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The essential distinction, as generally accepted, is that programme music attempts to express the story (the programme) within the music itself, while absolute music is, well, just music.

 

The term was coined by Liszt, who used it not as a key for the listener, but as a guide to interpretation for the performer. It has, however, been applied generally to any music that sets out overtly to depict a scene or story and, as such, the concept is much older. You can trace programmatic elements back to at least Sumer is icumen in (the "cuccu" phrase) and it is debatable as to when such programmatic elements evolved into something you can call programme music. Into which category does Byrd's The Battle, belong? The rule of thumb taught to me at school was that the first programme music was Kuhnau's Bible Sonatas of 1700 and that seems accepted as a milestone by Grove - though tentatively because of the scope for argument. That would leave Vivaldi's Four Seasons in the "programmatic elements" category. I wonder, too, about Biber's "Rosary Sonatas", which I know only by name. There is a good case, I think, for regarding Reubke's organ sonata as programme music.

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The term was coined by Liszt......

 

========================

 

I didn't know that....thank you.

 

MM

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... What makes Reger and Brahms exponents of absolute music rather than programmatic music when Reger wrote Chorales (which surely tell a story) and Brahms turned to the organ because it was the only instrument with which he could capture the feelings of his impending death.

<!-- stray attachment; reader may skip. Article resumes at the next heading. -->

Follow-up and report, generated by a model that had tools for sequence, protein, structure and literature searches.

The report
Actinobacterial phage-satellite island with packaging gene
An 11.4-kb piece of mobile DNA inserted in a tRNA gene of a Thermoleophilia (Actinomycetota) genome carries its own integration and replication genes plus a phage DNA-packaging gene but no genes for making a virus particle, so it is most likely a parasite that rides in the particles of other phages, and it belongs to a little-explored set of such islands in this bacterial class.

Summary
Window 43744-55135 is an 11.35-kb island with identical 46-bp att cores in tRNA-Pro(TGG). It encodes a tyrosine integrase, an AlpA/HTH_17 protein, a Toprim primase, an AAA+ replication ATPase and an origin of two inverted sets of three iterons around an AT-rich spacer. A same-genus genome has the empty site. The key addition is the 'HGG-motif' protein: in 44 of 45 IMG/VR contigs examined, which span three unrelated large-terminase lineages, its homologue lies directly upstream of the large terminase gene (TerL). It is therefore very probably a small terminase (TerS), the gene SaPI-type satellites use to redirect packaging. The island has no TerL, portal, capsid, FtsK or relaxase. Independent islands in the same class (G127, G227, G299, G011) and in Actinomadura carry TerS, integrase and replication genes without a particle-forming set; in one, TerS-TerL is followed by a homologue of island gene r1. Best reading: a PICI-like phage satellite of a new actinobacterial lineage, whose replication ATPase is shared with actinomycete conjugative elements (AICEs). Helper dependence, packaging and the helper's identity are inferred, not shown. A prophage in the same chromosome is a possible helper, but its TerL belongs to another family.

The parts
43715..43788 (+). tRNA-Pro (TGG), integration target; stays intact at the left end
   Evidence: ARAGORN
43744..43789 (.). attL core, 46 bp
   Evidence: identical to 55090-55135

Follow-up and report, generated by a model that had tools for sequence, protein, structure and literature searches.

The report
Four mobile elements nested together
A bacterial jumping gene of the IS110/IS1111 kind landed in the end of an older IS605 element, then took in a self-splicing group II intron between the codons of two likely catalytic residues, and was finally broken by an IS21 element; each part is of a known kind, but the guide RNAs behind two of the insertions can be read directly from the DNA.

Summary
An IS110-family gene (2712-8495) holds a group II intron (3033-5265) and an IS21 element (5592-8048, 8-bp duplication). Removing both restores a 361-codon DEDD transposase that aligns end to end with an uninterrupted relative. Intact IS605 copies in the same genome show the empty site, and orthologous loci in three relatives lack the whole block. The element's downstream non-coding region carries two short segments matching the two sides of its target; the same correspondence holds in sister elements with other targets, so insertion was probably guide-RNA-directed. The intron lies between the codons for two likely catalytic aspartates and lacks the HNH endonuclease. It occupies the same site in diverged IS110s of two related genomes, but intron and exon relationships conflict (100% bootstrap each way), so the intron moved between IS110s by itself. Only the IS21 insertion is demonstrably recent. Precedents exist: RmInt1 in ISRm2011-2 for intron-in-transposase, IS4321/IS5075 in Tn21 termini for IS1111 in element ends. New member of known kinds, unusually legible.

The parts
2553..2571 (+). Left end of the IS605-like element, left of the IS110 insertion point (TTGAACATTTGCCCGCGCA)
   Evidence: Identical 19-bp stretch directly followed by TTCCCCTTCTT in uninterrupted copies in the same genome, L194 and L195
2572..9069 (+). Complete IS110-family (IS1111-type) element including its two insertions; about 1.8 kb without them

...

I wouldn't say Reger did not write programme music. He did. There are his Böcklin tone poems, there is his romantic suite following an Eichendorff poem. And there are, of course, his chorale fantasias, which apply the very concept of programme music to the organ -- i. e. they take a pre-existing text (= programme, as in Liszt's "Les Preludes", in Franck's "Chasseur maudit" or in Strauss's "Zarathustra") and write music that, while being more or less formally sound on its own means, takes on a descritptive quality, interpreting and deepening the programmatic text.

 

In other works, Reger apparently communicates something coming close to programmatic content -- the "Inferno" fantasia op. 57, the organ sonatas, the op. 73 variations, the op. 74 string quartet, the Symphonic Prologue etc. But he does not give any hint as to an exact meaning, if he ever had one in mind. Experiences of human suffering, of faith, of struggling with existence are at the core of most of his music, which makes much of it challenging but rewarding to listen.

 

As for Brahms, writing chorale preludes clearly predates any definition and debate about programme music -- it was a baroque concept that, as all baroque music, aims at moving the "affecten" of the listener. Brahms takes the concept in the direction of Schumann's "Charakterstück", communicating a concentrated mood triggered by the chorale's text or overall character.

 

By the way, as much as many of Brahms's organ pieces meditate on death, it needn't be his own. Some of his op. 122 apparently was written in his Düsseldorf years (mid-1850ies), when he, in his early twenties, was the messenger between his friend Schumann -- who lived at the asylum in Endenich -- and the Schumann family, friends and the musical world in general.

 

Best,

Friedrich

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I wouldn't say Reger did not write programme music. He did....................

 

Best,

Friedrich

 

=========================

 

 

Friedrich knows his subject doesn't he?

 

I am impressed.

 

MM